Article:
I used steel punches under my nibs in lieu of a nib block. Crude, but it worked, so I will be glad to get a real nib block.
As for learning:
Get a few scrap nibs from "junker" pens, and play with it on the nib block.
That is how I learned, though I'm still a novice at this stuff. As they say, you learn from experience, and I'm still learning.
A stainless steel nib will be harder to shape than gold, but it can be done.
WARNING, I am NOT a nib meister, so what I am describing may be all wrong, but it works for me.
On a bent nib, I will press and burnish down the center ^ of the bend to flatten it. It is just easier for me to do it this way.
I don't work on the leg of a bend, unless I have no choice. Then you end up using your fingers.
As is stated in the links provided above, too much burnishing could work harden the nib, so be careful how much you burnish.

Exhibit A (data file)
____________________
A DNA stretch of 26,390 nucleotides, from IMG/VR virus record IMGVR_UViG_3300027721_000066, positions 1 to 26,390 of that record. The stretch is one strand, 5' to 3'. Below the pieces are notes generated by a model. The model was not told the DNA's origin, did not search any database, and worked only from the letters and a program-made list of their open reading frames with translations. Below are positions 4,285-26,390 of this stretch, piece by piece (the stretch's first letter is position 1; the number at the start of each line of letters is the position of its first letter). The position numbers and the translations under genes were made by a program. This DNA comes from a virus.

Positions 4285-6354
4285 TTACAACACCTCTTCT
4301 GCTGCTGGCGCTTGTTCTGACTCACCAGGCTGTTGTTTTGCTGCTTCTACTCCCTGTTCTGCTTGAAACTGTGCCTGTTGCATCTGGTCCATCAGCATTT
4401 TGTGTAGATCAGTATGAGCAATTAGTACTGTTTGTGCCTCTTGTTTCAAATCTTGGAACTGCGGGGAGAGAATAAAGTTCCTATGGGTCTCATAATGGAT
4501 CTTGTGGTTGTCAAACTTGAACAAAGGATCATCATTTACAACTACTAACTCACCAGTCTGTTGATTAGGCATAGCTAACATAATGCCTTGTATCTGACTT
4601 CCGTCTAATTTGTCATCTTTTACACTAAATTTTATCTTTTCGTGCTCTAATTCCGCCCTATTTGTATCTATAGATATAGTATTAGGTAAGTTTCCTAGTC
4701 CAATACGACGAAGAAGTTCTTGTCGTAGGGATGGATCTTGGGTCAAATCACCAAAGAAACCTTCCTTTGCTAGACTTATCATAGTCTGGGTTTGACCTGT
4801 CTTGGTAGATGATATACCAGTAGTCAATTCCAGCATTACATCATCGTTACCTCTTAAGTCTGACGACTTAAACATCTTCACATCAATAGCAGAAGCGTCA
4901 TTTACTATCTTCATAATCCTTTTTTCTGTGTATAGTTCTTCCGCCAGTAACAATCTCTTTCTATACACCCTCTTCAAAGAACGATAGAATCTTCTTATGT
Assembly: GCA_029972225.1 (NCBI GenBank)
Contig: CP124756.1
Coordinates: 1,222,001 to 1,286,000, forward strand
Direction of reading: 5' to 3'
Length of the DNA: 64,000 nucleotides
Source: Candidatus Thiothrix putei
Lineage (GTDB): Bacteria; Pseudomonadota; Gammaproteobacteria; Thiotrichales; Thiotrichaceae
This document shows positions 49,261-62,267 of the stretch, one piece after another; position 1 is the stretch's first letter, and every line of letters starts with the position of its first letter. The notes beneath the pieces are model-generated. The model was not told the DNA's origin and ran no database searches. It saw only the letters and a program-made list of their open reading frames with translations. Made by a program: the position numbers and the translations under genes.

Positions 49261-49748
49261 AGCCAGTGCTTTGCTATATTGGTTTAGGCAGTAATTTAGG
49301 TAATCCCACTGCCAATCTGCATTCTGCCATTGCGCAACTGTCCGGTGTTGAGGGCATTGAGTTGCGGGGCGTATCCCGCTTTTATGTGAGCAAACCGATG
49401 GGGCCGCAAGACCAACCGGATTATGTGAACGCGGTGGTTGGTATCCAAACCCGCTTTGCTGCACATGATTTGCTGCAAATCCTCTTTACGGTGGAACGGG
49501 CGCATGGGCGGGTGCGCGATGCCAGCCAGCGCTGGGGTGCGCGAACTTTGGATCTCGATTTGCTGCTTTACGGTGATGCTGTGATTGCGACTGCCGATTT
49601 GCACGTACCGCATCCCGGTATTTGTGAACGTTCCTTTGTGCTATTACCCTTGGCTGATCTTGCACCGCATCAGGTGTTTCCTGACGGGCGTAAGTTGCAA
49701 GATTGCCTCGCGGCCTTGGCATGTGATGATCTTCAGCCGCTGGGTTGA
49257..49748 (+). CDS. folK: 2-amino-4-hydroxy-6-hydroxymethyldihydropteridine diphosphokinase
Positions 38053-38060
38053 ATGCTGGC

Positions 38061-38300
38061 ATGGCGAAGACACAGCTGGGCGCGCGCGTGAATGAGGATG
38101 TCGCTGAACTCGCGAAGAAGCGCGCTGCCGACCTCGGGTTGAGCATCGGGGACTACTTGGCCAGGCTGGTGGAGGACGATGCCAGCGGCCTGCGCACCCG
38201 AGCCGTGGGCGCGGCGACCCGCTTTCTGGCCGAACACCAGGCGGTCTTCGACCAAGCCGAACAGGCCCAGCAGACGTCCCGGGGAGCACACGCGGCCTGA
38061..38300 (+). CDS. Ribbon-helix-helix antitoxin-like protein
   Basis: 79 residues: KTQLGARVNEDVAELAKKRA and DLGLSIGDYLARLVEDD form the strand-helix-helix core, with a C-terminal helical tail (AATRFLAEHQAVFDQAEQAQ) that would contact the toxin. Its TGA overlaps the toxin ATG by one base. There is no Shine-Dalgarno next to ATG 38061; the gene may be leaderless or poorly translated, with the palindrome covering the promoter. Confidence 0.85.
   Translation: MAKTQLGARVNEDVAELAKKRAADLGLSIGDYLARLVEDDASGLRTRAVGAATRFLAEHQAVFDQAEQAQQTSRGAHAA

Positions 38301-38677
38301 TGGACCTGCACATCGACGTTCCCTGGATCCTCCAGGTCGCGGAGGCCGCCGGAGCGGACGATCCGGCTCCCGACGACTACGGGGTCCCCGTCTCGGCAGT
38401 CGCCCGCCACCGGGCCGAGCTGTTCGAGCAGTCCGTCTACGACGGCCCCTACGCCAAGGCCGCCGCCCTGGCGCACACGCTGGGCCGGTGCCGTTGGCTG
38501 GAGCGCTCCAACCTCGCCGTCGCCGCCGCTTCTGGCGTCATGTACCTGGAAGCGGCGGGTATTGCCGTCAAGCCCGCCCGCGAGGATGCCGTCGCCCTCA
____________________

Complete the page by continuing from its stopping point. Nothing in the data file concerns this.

I use several "tools" that I scavenged from around the house.
For the concave side:
- a small spoon shaped dental tool that I got from one of the online pen tool sellers. It is sold to scrape ink sacs off the inside of the barrel.
- a wooden chopstick. The good thing about the wood chopstick is that it won't scratch the gold like a steel burnisher could. But it is softer and will require more effort. They do sell stainless steel chopsticks that would work, though you may have to round and polish the end.
For the convex side:
- a steel punch, to flatten on the convex side of the nib. Because it is steel, I roll the punch over the nib rather than drag it.
Go look in your tool box or kitchen drawer, you might find something that you can use.
For example, rather than the steel punch, I could have used the handle of a stainless steel butter knife to work on the convex side of the nib.
WARNING, be VERY CAREFUL when working around the tip of the nib. If you slip, you could damage the tipping or break off the tip of the nib.
Edited by ac12, 07 October 2015 - 18:57.